- Network configuration: Most Internet users prefer connecting to their router with WiFi. For some devices such as mobile phones or tablets, it is the only option. However, using a LAN cable may result in much faster Internet speed.
- Network congestion/Number of users: Everyone is online these days, and if the ISP or the network connecting to the Internet are not prepared to handle all the exchanged data, you may experience reduced speed during peak hours. For example, in the evening, many people are watching Netflix, or at the airport when many travelers connect to free WiFi networks.
- WiFi issues: Your WiFi router may slow down your Internet connection. Make sure the router is placed as close as possible to your devices or use a wireless repeater. Some devices (microwaves, Bluetooth devices) or neighbor routers may interfere with your WiFi and result in slower speeds.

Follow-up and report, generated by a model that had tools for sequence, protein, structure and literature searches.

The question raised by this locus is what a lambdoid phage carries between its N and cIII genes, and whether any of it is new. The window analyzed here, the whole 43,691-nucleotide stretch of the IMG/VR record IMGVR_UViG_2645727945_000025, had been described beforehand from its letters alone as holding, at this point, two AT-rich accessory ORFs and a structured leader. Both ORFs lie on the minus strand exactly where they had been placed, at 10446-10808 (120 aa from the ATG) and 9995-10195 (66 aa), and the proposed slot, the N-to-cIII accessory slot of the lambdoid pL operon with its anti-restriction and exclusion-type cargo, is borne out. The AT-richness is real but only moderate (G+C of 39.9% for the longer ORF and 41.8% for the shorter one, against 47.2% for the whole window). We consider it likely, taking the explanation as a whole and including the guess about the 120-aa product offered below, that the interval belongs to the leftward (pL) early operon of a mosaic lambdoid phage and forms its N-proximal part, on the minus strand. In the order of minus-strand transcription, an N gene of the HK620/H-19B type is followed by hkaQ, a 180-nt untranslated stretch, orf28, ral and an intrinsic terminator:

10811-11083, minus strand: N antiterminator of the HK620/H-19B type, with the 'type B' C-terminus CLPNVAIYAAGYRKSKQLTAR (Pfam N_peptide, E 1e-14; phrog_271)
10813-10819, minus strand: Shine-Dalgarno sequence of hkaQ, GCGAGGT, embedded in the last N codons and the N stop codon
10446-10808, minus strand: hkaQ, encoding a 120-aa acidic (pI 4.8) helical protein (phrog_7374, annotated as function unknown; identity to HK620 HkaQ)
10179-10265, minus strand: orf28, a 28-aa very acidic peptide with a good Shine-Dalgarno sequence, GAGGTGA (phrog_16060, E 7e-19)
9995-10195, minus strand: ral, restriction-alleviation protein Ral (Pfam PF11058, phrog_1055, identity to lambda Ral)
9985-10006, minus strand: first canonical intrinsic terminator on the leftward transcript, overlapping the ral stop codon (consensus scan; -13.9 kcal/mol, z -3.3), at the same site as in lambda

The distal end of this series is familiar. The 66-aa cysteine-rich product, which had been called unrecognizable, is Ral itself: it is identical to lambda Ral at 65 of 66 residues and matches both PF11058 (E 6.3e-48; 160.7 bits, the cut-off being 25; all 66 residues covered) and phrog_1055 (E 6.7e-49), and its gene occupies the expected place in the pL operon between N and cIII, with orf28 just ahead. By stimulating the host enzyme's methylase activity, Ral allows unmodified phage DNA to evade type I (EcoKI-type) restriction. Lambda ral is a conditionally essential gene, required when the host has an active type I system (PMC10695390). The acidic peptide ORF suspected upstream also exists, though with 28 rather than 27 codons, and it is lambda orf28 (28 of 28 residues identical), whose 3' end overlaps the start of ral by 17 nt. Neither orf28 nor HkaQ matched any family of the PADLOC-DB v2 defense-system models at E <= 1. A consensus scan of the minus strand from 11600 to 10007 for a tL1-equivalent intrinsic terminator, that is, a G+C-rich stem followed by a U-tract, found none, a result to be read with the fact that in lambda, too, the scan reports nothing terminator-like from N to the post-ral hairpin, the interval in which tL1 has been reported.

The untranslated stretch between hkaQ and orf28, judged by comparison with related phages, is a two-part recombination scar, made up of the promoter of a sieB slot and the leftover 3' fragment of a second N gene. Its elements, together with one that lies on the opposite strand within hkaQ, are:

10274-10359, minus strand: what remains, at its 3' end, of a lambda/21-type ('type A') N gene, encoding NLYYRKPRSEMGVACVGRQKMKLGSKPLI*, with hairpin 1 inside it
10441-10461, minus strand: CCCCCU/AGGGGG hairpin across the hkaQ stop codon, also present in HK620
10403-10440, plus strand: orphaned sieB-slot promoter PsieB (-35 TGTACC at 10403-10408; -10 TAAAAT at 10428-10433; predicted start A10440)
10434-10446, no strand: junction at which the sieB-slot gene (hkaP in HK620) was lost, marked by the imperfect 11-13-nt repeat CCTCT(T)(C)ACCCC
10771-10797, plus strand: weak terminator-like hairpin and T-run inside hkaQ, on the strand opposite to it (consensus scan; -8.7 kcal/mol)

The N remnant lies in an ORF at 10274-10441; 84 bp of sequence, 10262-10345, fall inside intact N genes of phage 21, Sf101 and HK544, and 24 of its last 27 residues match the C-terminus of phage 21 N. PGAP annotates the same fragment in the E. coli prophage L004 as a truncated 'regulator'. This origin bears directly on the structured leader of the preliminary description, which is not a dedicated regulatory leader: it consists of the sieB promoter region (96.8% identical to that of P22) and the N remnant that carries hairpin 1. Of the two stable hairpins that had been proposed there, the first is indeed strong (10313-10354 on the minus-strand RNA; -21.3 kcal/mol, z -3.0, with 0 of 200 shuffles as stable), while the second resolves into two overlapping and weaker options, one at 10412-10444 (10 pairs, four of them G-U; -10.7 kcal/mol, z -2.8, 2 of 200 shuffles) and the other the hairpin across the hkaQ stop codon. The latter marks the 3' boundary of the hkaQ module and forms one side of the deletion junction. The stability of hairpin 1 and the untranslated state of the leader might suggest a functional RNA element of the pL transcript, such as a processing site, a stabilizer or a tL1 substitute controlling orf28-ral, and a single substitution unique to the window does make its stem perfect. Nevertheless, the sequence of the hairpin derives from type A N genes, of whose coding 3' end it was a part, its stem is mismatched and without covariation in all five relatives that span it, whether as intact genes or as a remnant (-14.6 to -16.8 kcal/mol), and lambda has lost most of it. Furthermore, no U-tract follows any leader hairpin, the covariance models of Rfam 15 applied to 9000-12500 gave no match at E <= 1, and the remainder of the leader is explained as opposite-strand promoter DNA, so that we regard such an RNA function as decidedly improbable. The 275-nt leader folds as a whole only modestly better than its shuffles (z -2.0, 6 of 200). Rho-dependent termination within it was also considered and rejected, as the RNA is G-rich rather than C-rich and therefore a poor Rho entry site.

- Apps running on your device: Do you have lots of apps running on your device? There are chances that they may decrease the performance of your Internet connection. Some of the apps may run in the background, download, or upload files. Check file-sharing apps, auto-update settings, sync, or backup options.
- Viruses/malware: It is always a good idea to have an antivirus program installed on your device. Viruses, malware, and similar apps may use your Internet bandwidth and drain your computer’s resources.
- Bandwidth throttling: ISPs may intentionally slow down your Internet connection to regulate network traffic or reduce bandwidth congestion. For example, ISPs may block or reduce the speed of P2P or even Youtube traffic. In this case, a VPN for torrenting, connection to an obfuscated server, or a Youtube VPN may be the solution for bypassing the restrictions and get higher speeds.
- Government surveillance and censorship: If you are located in China or Iran, you may experience slow connections due to Internet censorship. Accessed content is filtered and monitored, resulting in lower download speed.